The International Center for Enterprise Preparedness (InterCEP) at New York University is attempting to convince US businesses that there are financial incentives to be had from investing in IT security.
Bill Raisch, executive director for InterCEP and a former 9/11 commission advisor, said: "We're trying to give the business recovery area greater ammunition. Negligence laws suggest we have a responsibility to our customers and we have found smaller companies are unprepared for this. So we're trying to get closer communications between businesses and the legal and insurance industries."
Research from analyst AMI-Partners found a quarter of small to medium-sized companies in the US have no IT security at all, while some companies that practice regular updates and have disaster recovery plans have boasted they saved money on insurance.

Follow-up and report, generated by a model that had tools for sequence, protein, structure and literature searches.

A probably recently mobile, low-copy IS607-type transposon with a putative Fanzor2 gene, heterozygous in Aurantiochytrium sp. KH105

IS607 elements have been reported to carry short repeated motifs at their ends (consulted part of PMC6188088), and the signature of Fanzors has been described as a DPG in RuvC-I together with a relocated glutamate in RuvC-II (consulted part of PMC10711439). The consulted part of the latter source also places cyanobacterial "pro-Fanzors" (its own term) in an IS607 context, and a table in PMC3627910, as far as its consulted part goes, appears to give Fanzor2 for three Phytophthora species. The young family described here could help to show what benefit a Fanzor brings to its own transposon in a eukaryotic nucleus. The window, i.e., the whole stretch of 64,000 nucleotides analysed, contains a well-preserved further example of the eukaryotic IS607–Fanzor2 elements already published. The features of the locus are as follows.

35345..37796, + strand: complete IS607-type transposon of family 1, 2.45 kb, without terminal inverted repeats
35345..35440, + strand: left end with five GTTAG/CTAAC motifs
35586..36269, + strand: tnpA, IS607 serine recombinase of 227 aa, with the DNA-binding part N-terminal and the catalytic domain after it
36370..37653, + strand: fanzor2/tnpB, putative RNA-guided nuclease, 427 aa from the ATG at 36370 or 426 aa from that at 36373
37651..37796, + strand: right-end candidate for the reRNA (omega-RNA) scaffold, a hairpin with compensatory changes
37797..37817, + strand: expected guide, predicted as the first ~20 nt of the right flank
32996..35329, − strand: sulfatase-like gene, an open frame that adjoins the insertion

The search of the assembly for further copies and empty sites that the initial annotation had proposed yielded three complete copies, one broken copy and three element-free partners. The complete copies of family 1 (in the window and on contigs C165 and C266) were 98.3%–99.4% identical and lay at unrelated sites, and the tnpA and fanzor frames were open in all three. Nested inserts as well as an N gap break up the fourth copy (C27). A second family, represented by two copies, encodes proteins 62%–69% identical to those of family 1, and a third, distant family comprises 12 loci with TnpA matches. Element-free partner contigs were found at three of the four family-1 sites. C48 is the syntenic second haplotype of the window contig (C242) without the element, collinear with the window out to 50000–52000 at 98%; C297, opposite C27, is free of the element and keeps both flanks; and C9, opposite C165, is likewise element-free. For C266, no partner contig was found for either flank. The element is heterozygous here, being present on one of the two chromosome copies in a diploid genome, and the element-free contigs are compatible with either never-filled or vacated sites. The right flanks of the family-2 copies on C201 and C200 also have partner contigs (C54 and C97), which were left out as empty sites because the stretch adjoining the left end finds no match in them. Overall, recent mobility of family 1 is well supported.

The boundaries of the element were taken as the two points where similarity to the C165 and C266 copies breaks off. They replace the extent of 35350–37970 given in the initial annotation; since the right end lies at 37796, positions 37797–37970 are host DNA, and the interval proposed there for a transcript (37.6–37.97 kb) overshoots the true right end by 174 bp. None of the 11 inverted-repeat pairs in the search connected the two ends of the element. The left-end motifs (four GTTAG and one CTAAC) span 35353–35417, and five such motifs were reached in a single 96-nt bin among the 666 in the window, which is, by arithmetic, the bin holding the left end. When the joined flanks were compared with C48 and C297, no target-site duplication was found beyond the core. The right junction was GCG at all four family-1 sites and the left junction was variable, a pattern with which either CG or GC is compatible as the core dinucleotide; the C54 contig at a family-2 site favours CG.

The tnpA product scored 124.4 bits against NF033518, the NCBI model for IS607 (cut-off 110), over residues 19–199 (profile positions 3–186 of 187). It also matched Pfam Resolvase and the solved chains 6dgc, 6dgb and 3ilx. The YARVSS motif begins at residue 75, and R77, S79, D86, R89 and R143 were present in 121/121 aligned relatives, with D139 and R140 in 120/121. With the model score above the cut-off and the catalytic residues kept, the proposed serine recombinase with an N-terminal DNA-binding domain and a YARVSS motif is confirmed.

Donna Childs, CEO of Child's Capital, a small New York company which invests money to help developing countries, said: "In the [small business], ignorance is the key challenge. But I think what has been effective for us with security is insurance - we negotiated a 30 per cent discount so I've already earned a payback."
Speaking at an HP event in New York today, IT manager for design consultancy Atkins Jorgen Kjaerlund added that security was by default an insurance policy.
"Small companies pay a lot in insurance costs," said Kjaerlund. "But they need to think of security as insurance too. It's all about looking at what they can afford to lose and then looking at what they need to invest in."
Silicon.com's Dan Ilett reported from London.